Rest and Trust
"The creative process is a process of surrender, not control." —Julia Cameron
It's Sunday as I write this, the perfect day for rest. I spend most of my Sundays working, setting up for the week ahead. The truth is that I've been working too hard. The only solution to working too hard is to let some things go.

I am not letting go of writing these weekly Life Is The First Art posts but rather, letting them arise as time allows. My original intention was to write these posts twice a week. I adjusted that to once a week. Now I have to let them arise as they can.

I ask myself (or you might ask) Who cares? Well, I like to finish projects (or not abandon them) and to look relatively consistent to the outside world. But no one really cares! It's my project, I care about it and will now allow it to develop at its own pace.

So this will unfold but some plans, projects, ideas - well, they just don't work out. After college, I worked in a bookstore. The owner made several choice comments that have stuck with me. One was "There's no rule that says you have to finish a book. If you don't like it, stop reading it." What a concept! So it is with anything. Some little streams just dry right up.

I spell this out because most of us spend an awful amount of time burdened with a tremendous weight of responsibilities we're convinced are important, tasks that we take seriously, compulsions to meet expectations. Next time you're either strung out by too much responsibility or exhausted by the same, my suggestion is to ask yourself, really, how much does this really matter? Not in the overall scheme of things, forever, but right this minute?

The fact is that the ground of life is ever-shifting. Balance is key. What I need for my balance now is rest. I am beat. I am surrendering to rest.

The issue of allowing enough time for and giving myself permission to rest comes up a lot in my life. I think that one of the reasons I resist rest is because there is a part of me that fears my little world will fall apart if I relax. I think that mode of thinking is not uncommon. It's a matter of fear and security.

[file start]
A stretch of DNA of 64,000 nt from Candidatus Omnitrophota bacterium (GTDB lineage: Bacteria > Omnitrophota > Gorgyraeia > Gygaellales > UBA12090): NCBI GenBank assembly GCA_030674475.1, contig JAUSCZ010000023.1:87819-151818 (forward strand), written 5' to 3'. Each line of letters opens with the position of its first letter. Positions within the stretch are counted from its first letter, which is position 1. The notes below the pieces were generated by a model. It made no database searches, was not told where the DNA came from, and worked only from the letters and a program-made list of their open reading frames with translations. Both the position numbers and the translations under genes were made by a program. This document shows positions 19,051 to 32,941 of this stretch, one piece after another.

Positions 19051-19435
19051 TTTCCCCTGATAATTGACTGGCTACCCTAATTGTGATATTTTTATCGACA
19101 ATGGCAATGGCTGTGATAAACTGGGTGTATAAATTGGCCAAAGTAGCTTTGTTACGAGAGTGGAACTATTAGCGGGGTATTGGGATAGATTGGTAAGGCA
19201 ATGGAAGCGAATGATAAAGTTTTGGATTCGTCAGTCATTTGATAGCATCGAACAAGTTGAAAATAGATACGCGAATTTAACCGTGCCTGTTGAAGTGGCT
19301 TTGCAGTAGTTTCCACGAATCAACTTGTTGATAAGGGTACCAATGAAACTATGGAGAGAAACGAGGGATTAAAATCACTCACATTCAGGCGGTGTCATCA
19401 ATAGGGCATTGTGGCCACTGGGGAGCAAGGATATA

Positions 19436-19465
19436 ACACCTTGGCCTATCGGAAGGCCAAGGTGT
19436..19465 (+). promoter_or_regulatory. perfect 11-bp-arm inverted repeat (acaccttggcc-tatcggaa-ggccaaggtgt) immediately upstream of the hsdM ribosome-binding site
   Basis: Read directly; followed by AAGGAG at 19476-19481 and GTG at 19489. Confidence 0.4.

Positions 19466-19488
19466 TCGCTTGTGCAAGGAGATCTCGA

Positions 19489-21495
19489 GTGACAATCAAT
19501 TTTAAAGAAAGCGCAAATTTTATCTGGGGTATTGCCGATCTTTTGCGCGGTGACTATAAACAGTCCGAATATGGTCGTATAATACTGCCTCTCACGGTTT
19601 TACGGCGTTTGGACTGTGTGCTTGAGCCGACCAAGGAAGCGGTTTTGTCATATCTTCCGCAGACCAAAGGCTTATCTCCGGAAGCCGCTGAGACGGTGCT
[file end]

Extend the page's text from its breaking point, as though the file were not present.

"Growth demands a temporary surrender of security." —Gail Sheehy
Rest is critical for growth. So, I'm surrendering to rest and also to trust because trust is critical for rest. What happens when I lay my head down and close my eyes? I trust that my little world will not fall apart as I'm sleeping. So, why should I worry while I'm awake?

I'm working on a post about Eric Sloane for Drawing America and came across this passage in his book, Eighty: An American Souvenir. It a good way to close with a giggle.
"An ancient graveyard in Martha's Vineyard has the remains of an artist, a lady who left a rich legacy of her thoughts and beliefs; the tombstone says simply
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Visit the source at Suzanne McDermott


Anonymous said...

Things matter a lot if you really take time on it.

Responsibilities matter a lot. Because the moment we stop taking responsibilities, might be the moment our lives might spiral out of control.

But it's true; Life's tiring. It's full of everyday challenges and duties, I think it maybe right to rest once in a while. :)

<3 <3 <3

Casey said...

Suzanne, I absolutely love that quote! You do so much - you are right to give yourself some time to rest - especially in the summer.

Barbara Weeks said...

Enjoy yourself! I certainly enjoy your blog. I also loving Draw America!

RHCarpenter said...

Always remember that you deserve to rest and relax - before your body makes you do so. And not just for an hour or so...take a day. The world keeps on spinning. We'll be here waiting. May you have a pillow, soft, welcoming, and as cool as the hint of winter on an autumn morning...

Cathy Gatland said...

I've recently come to the same conclusion Suzanne... getting slightly panicky when I haven't done a blog post for a while... it really doesn't matter! Though I would certainly be very sad if you (or I) disappeared altogether, I would wish that this is always only a pleasure and it's delivered if and when you're in the right space. Love that quote!